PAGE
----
If you work in an organization that is publicly traded, or you are subject to other government regulations, you will be required to perform a periodic network audit. Even if an external entity doesn’t require an audit, it's a good idea to review your network to ensure your environment meets current standards.
In a large network, a full audit may seem like an overwhelming task, but a few regular practices can help at audit time. As with most things, a successful audit begins with planning. The overall health and manageability of your network will dramatically reduce your audit and remediation efforts.
Let’s get a few basics out of the way. You will need an up-to-date inventory of all the devices on your network. There are many ways to maintain this inventory, ranging from a low-tech spreadsheet to a fully automated inventory tool. Regardless of the solution you use, you should track details like hostname, management IP, serial number, and code version. You should keep basic configuration standards and templates to which your device configurations can be compared. Proper standards, correctly defined and applied, will enforce a minimum standard and will help you stay compliant throughout the year.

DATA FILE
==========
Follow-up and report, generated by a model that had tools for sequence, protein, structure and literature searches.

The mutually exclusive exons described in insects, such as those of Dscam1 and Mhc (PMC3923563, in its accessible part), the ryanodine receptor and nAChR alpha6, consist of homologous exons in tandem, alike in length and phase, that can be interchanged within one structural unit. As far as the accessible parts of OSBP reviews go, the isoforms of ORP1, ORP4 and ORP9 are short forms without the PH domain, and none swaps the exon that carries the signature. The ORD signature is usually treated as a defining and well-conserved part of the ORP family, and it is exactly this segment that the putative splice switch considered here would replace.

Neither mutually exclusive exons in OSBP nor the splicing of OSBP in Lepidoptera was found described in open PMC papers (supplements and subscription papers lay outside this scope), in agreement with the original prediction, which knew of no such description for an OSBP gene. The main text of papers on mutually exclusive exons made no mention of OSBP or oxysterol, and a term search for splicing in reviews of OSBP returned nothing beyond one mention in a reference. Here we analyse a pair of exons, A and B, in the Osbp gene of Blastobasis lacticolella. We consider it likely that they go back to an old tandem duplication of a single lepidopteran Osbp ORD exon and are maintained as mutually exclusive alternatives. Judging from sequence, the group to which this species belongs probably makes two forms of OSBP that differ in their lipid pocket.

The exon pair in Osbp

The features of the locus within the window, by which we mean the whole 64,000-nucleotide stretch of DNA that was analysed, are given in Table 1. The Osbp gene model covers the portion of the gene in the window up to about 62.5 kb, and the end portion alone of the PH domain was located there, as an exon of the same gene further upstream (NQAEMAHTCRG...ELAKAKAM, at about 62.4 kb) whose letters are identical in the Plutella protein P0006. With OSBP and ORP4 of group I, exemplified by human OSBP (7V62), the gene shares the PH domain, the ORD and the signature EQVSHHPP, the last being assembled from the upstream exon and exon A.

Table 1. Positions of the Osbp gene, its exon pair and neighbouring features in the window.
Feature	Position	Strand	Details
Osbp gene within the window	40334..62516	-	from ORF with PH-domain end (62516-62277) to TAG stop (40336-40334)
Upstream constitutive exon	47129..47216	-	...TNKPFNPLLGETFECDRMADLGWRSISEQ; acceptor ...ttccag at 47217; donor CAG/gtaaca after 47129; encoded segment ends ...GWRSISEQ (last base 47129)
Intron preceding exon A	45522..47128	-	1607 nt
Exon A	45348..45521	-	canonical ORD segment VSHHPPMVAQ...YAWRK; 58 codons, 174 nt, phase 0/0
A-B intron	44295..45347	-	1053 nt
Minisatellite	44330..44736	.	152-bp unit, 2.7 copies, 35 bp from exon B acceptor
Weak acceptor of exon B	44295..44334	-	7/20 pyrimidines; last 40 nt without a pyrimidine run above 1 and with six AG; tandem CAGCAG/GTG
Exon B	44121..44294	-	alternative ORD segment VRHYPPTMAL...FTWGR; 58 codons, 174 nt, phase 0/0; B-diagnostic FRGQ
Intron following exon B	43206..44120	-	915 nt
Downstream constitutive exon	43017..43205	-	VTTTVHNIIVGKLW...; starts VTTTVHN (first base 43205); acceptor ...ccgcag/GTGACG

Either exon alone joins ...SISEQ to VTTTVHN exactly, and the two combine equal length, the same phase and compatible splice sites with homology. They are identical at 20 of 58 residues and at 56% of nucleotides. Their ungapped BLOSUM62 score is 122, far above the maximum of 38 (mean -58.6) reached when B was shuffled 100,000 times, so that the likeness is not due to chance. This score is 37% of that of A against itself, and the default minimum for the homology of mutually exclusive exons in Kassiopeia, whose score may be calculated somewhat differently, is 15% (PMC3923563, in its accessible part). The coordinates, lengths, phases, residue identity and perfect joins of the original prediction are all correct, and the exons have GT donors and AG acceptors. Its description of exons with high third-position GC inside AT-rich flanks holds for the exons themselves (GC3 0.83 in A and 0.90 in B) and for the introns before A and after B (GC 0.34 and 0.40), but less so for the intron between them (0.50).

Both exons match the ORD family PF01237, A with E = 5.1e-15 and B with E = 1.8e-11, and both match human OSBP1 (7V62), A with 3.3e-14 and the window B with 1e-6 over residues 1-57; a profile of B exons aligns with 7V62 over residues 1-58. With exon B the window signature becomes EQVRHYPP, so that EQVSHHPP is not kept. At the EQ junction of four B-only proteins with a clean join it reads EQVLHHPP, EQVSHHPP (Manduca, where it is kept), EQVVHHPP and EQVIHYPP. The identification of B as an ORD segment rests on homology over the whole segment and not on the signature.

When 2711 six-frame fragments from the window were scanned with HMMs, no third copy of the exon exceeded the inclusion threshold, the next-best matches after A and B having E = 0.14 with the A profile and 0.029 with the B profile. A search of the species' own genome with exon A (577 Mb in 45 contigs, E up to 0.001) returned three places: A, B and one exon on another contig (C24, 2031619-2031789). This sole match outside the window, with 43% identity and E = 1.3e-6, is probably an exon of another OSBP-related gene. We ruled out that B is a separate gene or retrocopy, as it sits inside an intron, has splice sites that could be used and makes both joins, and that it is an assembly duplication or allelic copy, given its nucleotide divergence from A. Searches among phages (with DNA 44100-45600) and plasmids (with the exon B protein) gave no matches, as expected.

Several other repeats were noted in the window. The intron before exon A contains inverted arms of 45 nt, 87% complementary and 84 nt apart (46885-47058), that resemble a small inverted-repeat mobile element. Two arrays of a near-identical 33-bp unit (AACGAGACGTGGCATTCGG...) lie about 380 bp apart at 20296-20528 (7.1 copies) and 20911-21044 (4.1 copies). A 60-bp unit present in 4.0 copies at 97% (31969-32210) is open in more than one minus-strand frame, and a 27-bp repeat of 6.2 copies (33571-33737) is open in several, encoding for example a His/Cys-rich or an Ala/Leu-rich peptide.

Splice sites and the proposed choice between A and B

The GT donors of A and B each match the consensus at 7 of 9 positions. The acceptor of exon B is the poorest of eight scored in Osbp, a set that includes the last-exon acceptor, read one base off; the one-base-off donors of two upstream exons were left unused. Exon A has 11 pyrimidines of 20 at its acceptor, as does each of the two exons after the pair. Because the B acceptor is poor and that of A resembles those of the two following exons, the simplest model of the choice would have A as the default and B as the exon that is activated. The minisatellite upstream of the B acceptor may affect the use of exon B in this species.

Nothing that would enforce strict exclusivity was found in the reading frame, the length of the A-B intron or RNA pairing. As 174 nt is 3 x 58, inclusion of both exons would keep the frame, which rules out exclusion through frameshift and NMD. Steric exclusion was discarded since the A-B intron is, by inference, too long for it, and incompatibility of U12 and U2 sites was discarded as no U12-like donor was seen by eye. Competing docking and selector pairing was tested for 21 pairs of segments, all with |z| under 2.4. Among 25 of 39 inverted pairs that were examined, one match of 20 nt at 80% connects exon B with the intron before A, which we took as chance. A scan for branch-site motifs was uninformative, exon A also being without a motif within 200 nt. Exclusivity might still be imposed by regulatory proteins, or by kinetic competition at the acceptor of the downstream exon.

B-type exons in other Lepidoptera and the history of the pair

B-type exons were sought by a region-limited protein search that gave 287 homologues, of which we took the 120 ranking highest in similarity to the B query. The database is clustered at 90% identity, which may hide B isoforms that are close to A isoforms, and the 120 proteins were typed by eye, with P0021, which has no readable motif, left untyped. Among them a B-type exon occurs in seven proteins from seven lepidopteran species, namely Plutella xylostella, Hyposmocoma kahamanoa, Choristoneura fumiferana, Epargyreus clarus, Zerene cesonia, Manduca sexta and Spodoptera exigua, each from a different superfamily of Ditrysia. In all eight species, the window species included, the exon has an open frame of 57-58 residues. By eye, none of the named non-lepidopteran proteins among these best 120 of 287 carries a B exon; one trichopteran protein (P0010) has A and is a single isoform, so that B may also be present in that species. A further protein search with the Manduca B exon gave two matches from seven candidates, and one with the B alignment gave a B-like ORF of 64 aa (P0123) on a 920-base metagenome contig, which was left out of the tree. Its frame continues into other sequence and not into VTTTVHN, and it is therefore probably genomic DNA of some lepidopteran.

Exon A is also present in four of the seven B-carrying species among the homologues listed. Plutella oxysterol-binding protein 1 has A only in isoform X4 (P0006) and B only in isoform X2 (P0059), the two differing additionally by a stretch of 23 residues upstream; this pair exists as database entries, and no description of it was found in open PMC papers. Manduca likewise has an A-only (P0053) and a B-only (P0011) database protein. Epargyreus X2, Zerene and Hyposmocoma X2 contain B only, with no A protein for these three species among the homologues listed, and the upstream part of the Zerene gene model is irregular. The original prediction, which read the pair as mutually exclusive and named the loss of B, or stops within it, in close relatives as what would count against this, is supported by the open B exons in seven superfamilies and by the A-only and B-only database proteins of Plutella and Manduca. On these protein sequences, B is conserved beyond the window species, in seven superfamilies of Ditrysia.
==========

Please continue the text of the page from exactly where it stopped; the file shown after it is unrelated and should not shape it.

As you consider your networking standards, appropriate logging is a must. You will need a centralized logging server which will collect syslog from your devices. There are many open source and commercial logging options. Minimally, you will need to log invalid login attempts, hardware failures, and adjacency changes. Firewalls should log ACL denies and other security events. As you build a logging infrastructure, you can add tools to parse logs and alert on relevant events. You will need to carefully control who has write access to your log data. Check internal and external adit standards for retention requirements. Many organizations need to save audit logs for 7 years or more.
In recent years, wireless networks have become a sticking point in network audits. As compared to wired networks, wireless infrastructure has been changing rapidly, the number of devices have proliferated, and vulnerabilities for legacy wireless abound. Many organizations implemented wireless quickly with a pre-shared key without considering the security or audit consequences. In order to meet current wireless security audit requirements, your wireless network will need to authenticate via 802.1X with user credentials or a unique certificate managed by PKI. You will need to log all access to the wireless network. In addition, some standards may require wireless technology to perform roque detection and mitigation.
Its important to remember the purpose of a network audit. Typically, an audit measures how well you comply with established controls. Even if your network is, in your estimation, well run, secure, and well documented, you can fail an audit if you do not comply with established policies and procedures. If you have responsibility for ensuring your network audit, get clear guidance on the audit standards and review any policies and procedures that apply.
Network audits can be challenging and labor intensive. However, with careful planning, the right tools, and diligence over time, the task will become much simpler.